Francis Beidler Forest - South Carolina
Joe Kegley | E-Mail | Updated 05-17-08
Prothonotary Warbler and chick, Francis Beidler
- Joe Kegley
The Francis Beidler Forest is a cypress-tupelo swamp in South Carolina owned and managed by the Audubon Society. This wildlife sanctuary consist of over 15,000 acres, with a portion being virgin old growth forest.
The section of the sanctuary open to the public has a 1.75 mile boardwalk which meanders through an old growth segment of the refuge. The trail (which is a loop) takes one into the swamp as far as Goodson Lake. A few of the bald cypresses off the boardwalk are over 1000 years old. A small fee is necessary to enter the park and boardwalk. When the water level is high enough guided canoe excursions are also offered for a fee.
The boardwalk loop is famous for birding and wildlife observations. Photographers, birders, and nature enthusiasts come from miles around to enjoy the natural history.
Barred Owl, Francis Beidler
- Joe Kegley
Although access to the sanctuary is mainly limited to the boardwalk, this trail in the Francis Beidler Forest manages to deliver a wealth of flora and fauna for the naturalist. The route is popular for birding year round, though especially during the spring and fall migrations. Some of the bald cypresses off the boardwalk are simply spectacular. The Audubon staff offer special educational programs for the younger age groups.
During the spring nesting season Prothonotary Warblers are more that just common, they seem to be everywhere. This yellow-orange songbird adds amazing contrast to the browns and greens of the swamp. This bird is just beautiful. April and May are nest building times, look for pairs gathering mossy nesting material. The chicks are usually hatched in late May and early June.
Barred Owls are commonly seen throughout the boardwalk trail, but the elevated ground on the south side of the boardwalk loop (when entering the split for the loop, take a right) seems to offer the best opportunity for an encounter.
Yellow-crowned Night Herons are frequently observed searching for crayfish in the wetter areas. Ibis, Great Egrets, and Great Blue Herons are other waders that are sometimes encountered from the trail.
Sightings of various species of woodpeckers are a common occurrence. Be on the lookout for Pileated and Red-bellied Woodpeckers. Occasionally you will catch a Pileated near the boardwalk at ground level, working hard to extract nourishment from a dead tree.
Cottonmouth (Water Moccasin), Francis Beidler
- Joe Kegley
If snakes are your quarry, then Francis Beidler is the place for you. Cottonmouths (water moccasins) are commonly observed from the boardwalk during spring and summer. The swamp is home to variety of water snakes including but not limited to: banded water snakes, red-bellied water snakes, and brown water snakes. In addition, greenish rat snakes are sometimes found climbing trees or on branches in search of prey.
Another fairly common reptile is the carolina anole. It is often seen on the boardwalk railing or on branches and tree trunks. While alligators inhabit the swamp, they are not frequently encountered from the boardwalk. Your best opportunity for alligators would be the guided canoe tour.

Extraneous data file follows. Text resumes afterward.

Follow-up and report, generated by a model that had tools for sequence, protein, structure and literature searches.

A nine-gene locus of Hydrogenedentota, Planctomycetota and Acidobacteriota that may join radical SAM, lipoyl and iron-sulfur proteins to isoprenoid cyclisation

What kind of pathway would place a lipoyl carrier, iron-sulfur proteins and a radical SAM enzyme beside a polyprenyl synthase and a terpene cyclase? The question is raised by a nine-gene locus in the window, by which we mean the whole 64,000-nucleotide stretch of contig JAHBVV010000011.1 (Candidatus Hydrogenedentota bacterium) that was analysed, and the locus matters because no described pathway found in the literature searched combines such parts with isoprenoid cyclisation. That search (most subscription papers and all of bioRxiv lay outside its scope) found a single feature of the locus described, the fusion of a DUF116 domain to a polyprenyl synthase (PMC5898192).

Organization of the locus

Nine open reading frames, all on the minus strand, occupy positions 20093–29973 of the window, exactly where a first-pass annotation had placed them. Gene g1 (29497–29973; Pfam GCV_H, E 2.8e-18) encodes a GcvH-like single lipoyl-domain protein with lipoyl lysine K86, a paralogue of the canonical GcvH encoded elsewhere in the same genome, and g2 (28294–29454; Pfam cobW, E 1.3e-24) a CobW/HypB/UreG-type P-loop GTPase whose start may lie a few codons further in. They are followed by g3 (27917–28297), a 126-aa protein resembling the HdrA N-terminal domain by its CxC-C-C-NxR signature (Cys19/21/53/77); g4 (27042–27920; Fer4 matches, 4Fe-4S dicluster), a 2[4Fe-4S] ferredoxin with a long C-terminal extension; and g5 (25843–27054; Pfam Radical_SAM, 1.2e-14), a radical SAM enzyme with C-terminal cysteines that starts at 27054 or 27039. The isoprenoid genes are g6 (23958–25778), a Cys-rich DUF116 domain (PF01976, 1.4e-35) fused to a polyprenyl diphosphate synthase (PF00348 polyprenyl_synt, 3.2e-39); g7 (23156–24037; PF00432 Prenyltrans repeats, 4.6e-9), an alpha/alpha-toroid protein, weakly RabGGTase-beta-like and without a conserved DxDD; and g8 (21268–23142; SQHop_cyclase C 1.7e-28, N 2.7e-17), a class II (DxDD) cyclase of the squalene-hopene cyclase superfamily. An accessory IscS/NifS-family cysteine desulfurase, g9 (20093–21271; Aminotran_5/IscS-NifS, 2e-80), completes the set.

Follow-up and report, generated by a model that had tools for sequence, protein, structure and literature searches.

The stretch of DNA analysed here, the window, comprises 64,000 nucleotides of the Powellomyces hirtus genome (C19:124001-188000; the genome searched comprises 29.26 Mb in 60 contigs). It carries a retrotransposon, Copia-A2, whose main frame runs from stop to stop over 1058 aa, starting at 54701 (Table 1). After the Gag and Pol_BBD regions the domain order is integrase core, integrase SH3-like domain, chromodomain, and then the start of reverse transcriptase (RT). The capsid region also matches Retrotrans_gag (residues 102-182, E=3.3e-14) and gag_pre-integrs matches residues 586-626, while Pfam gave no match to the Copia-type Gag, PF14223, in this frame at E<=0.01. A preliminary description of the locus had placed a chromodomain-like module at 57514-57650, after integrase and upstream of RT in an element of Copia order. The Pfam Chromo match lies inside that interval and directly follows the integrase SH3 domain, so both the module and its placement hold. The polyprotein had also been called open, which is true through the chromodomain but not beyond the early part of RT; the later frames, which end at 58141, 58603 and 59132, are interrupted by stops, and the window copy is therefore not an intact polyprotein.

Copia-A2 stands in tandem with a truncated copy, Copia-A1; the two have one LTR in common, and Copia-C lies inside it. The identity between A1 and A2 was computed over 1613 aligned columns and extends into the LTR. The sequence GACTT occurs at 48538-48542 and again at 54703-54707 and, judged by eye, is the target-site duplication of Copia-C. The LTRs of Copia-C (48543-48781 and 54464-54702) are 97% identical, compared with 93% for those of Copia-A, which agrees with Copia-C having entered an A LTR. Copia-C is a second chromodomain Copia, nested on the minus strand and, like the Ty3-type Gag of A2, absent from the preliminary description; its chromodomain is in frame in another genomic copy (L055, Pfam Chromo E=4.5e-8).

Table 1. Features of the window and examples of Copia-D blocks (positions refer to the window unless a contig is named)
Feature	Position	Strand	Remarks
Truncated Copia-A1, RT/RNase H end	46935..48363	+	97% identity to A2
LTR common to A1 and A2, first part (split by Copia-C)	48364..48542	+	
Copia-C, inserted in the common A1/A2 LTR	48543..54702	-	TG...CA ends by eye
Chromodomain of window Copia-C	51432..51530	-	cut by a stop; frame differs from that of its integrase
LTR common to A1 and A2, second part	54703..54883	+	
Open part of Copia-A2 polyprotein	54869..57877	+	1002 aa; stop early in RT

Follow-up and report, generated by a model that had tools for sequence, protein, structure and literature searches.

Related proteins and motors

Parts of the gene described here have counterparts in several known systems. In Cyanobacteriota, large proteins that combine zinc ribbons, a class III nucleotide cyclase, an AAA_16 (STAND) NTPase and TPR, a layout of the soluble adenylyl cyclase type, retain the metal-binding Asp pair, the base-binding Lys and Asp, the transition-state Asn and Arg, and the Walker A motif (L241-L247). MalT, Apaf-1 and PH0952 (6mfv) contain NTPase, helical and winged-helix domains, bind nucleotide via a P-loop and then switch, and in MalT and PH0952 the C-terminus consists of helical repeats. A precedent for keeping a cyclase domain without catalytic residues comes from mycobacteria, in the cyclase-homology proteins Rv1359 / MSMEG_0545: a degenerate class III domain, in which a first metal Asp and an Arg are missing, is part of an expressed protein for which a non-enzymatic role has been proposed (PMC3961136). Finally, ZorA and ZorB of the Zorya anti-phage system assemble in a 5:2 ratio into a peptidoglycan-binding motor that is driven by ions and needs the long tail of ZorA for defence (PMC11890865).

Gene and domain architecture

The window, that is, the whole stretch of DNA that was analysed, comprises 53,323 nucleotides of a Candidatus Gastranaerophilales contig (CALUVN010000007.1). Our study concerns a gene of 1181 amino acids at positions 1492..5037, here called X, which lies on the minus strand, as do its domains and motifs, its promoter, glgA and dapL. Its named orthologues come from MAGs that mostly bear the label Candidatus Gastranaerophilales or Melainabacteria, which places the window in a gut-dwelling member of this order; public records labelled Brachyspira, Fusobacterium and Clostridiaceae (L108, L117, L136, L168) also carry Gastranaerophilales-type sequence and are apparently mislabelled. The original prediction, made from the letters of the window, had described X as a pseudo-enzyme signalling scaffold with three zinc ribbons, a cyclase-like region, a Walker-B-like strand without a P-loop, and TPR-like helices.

White-tailed deer are frequently spooked when one walks the boardwalk trail. Otters are also observed from this trail, though less frequently.
Wilderness Experience Perspective
As far as I am aware, camping is not available to the general public and access to the reserve is limited to a few areas. One must remember this is a wildlife sanctuary and not a playground for personal human endeavors. Except for the guided canoe tours, the general public doesn't have the opportunity to get deep into the swamp.
You are going to encounter other people on most weekends. Be prepared for large groups of children touring the forest on weekdays when school is in session. Arriving at opening time is your best bet for a quite experience. Expect to observe folks birding year round while photographers mainly come during the spring.
White-tailed Deer Fawn, Francis Beidler
- Joe Kegley
Outstanding, at least during the spring and early summer. The Prothonotary Warblers alone justify a reason to come photograph. The sanctuary is a great place to obtain Barred Owl and snake photographs.
Because of the heavily forested landscape, the sanctuary can offer the same problem sometimes found in the Congaree National Park: high contrast. On sunny days expect very bright highlights and dark shadows. Pick your photography shots wisely and/or use a flash.
If I only had one tip for this location it would be to immerse yourself in the environment. The swamp wildlife here is very dynamic, you may not see anything you wish to photograph the first walk thru, but don't leave. You might be amazed at your second attempt.
Don't just come, spend an hour, and walk the boardwalk once. Bring a lunch and stay all day. Bring a cooler and leave it in your vehicle. If you need a break, head back to the visitor center or your car.
- Insect Repellent - This is a swamp so be prepared, although sometimes repellent is not necessary.
Location and Points of Interest
Francis Beidler Forest Map (Google interactive map)
left double click to zoom in
right double click to zoom out
click and drag to move
hover over markers to see descriptions
This beautiful wildlife reserve is off the beaten path, I suggest you go to Audubon's Francis Beidler Forest website for detailed directions. See below.
- http://sc.audubon.org/audubon-center-sanctuary-francis-beidler-forest - Francis Beidler Forest Audubon web site.
Francis Beidler Forest ... a nature, wildlife, and photography perspective.